Mary Kasper grew up in San Francisco. She left college and moved to the Haight-Ashbury district in 1964.
You go to the country, you see someone else's trash, you pick up their trash. That certainly came out of that time. We developed a relationship with the Earth that was different. We thought about it differently. I think some people were not political in those years, other people were very political in those years. Because I'd become so radicalized, from the early Sixties, I stayed political in those years.
And following along with other things that were of major importance to me, spirituality was very important to me. After the Be-In, when I was collecting unemployment, I was on Mt. Tamalpais, and I was on a mescaline trip, and someone had brought pâté for us to eat, and I heard the voice of God in my head saying you shouldn't eat that. So that's when I became a vegetarian, and it's 2006, and I'm still a vegetarian.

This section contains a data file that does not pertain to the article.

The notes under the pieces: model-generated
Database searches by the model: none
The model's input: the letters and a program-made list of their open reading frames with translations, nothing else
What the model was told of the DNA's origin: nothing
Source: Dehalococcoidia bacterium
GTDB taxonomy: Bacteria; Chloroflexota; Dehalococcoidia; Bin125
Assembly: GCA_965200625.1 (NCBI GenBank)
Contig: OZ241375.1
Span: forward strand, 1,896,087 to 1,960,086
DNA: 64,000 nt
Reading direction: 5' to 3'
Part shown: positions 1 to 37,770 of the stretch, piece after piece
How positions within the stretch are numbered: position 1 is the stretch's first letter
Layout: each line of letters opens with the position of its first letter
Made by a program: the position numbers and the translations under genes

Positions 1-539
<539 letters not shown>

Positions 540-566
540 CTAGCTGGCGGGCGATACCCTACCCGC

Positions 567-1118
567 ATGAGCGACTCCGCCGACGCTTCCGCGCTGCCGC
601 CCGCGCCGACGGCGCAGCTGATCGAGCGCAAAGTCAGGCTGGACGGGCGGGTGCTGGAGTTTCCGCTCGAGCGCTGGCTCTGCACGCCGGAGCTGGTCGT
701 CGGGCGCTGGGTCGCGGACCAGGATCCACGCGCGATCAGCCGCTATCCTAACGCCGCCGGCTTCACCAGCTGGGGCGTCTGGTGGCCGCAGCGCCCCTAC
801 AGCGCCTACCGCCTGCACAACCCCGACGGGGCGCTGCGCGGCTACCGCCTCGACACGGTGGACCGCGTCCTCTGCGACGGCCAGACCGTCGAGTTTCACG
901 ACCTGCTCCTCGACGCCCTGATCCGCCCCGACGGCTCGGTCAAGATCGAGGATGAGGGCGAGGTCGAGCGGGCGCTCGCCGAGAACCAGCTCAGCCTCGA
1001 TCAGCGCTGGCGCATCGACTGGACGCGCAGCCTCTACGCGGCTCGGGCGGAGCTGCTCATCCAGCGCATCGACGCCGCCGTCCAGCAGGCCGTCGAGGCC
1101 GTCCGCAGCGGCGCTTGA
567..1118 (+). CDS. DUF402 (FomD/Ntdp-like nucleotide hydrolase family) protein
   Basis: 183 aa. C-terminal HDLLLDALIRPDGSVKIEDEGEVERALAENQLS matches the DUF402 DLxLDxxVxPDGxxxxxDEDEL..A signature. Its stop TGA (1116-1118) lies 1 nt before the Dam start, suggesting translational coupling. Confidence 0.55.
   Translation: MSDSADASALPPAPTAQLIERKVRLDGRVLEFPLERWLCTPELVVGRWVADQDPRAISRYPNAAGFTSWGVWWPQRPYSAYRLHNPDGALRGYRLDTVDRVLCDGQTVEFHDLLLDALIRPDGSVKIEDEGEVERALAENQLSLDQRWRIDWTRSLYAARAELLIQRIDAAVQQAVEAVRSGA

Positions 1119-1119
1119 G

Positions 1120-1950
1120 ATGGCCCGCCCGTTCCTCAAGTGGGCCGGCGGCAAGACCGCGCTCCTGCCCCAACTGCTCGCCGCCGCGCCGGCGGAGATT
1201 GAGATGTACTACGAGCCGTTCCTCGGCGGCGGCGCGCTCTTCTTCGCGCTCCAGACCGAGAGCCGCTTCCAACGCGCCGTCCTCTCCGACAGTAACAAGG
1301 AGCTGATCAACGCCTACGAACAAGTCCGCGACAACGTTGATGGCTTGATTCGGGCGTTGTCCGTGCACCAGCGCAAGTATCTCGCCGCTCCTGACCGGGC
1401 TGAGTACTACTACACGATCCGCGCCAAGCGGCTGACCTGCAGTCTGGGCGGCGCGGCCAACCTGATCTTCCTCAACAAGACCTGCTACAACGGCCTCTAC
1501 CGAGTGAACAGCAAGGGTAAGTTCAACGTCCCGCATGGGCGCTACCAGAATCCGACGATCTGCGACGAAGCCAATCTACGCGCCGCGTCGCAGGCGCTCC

So many of those things from that time have stayed with me, certainly the importance of community has stayed with me. I live in a very supportive community now and a very political community. The crafts world, which is how I make my living, was a part of it. Many of those people live in small towns throughout the country and came to leading that life and that creative life from their experiences in the Sixties, and they have kept those ideas alive.
So I feel, for me, there wasn't an abrupt change in my life, it was a river flowing, and I'm in that same river. I think the spiritual aspects that came out of that movement, for us, where we were living, we were certainly greatly influenced by Shunryu Suzuki Roshi, who was Roshi at the Zen Center. ... We all took up yoga. We all were reading spiritual books, the Upanishads, the Bhagavad Gita. ... I read all those books that one read in those years. I have revisited them, and they're just as wonderful as they always were. Trout Fishing in America is still a very funny book as were many of the other books.
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